JG: I experienced homelessness around ten years ago…I always had a key to a house and I never thought that anyone was responsible for taking care of things and I wasn’t really taught that, so when the people that were in my life were gone I started learning the hard way. Sometimes you don’t realize what you have until you lose it. [I lost my house] and that’s when I started getting caught up in the street stuff, the easy life, and what I thought was gonna benefit me in life and all it did was make me worse. It seemed like the more I became homeless, I became hopeless. It is really hard to see out of the hole when there is no one reaching out to you. That’s where BOC came in for me, when I was reaching out for this help, they extended their hand and that’s why I am here now.
HM: I came here from having two jobs and money, but I had to get away from my place. My friends were selling drugs; I didn’t want to be there…I came here. Fortunately, I bought a bike and a change of clothes…when I got down here, unlike what these people have been through. I have a lot of respect [for them]. I feel…little because I had it a little bit easier. I hate to even say that because I hear these people and what they went through and what they are going through. Everyone that comes in here is unique. When I first got here I knew that if I couldn’t get into the program I would be on the street…I never had to sleep under the stars except for in Boy Scouts, and that was in a tent with a sleeping bag and food (laughs).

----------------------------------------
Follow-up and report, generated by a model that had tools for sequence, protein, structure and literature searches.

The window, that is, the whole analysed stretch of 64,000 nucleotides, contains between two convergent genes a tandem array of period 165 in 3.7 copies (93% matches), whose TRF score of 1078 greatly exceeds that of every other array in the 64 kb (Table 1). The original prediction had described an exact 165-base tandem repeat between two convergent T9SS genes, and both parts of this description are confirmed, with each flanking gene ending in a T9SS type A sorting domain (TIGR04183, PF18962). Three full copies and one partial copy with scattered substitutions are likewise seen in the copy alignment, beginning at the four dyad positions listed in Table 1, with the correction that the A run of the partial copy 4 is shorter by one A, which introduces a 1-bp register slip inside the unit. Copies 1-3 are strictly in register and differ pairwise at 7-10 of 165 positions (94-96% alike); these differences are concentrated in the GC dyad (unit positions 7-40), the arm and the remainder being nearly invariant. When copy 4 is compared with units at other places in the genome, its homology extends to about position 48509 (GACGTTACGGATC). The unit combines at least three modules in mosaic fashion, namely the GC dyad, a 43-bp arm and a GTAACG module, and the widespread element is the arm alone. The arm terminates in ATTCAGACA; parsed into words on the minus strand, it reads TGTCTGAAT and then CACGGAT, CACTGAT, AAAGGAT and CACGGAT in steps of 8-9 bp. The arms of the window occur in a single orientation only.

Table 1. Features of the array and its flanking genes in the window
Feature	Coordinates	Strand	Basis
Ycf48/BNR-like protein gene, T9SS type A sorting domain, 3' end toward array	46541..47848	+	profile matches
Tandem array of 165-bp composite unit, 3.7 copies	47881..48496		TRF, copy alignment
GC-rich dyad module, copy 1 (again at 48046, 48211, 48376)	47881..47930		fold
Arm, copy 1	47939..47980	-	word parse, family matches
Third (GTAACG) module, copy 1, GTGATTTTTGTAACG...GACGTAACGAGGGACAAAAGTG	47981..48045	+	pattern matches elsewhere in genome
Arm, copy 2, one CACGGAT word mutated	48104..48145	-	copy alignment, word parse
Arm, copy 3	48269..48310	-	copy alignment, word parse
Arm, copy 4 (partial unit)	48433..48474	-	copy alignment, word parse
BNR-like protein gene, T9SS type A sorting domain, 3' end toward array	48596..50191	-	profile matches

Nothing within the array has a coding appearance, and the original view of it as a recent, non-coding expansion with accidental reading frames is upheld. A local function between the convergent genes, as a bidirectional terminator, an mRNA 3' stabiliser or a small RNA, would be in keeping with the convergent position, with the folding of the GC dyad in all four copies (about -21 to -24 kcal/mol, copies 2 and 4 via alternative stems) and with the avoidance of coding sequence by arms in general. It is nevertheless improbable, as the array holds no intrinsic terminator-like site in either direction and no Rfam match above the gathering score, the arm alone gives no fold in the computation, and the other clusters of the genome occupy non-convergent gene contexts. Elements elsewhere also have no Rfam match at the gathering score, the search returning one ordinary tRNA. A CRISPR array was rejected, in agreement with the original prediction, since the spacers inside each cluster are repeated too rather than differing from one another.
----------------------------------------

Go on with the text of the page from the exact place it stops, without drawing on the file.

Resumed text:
PF: I worked for the Dade County school board and I had surgery. I had to be out for a year. I thought that I would be out for a couple of months and get to go back to work, but it didn’t happen that way. I couldn’t afford to pay my bills. What really made me homeless is that I didn’t have enough money to continue to take care of my bills. I had met my friend at a church who teaches classes [at BOC] twice a month and she told me about BOC. I cried the first day [at BOC] because I was saying to myself ‘how did I get in this predicament?’. Once I got here, after the first day, I was glad that I came.
HG: What would you say is the most common misconception that people have towards those experiencing homelessness?
CW: That they think people want to be homeless. They think that you want to be on drugs, that you want to be desolate. They think that you are comfortable. They think that you want to be that way, not that you wish someone would lend a helping hand.
JG: The biggest one for me is that ‘oh, there’s places out there’. Like, they could get some help but they don’t want help. They don’t realize that the community that views [homelessness] is the community that can help it. It is everyone’s responsibility as a community and as humanity to help. Society kind of teaches us to be like ‘get a job’ rather than ‘how could I help in some way’. We aren’t any different than you. I’ve been in [BOC] with people in med school, people who were lawyers at one time, who were computer engineers, and then I started realising that homelessness is not a mentality, it is a part of society now. Some [volunteers at BOC] would ask if we wanted more [food] and I remember that restored my dignity. I felt human again. Most of the time when I walked the streets, I wished that I could just disappear. When I came up from under the bridge and it was rush hour traffic and everyone [turned and looked at me] there was no feeling in the world that was worse.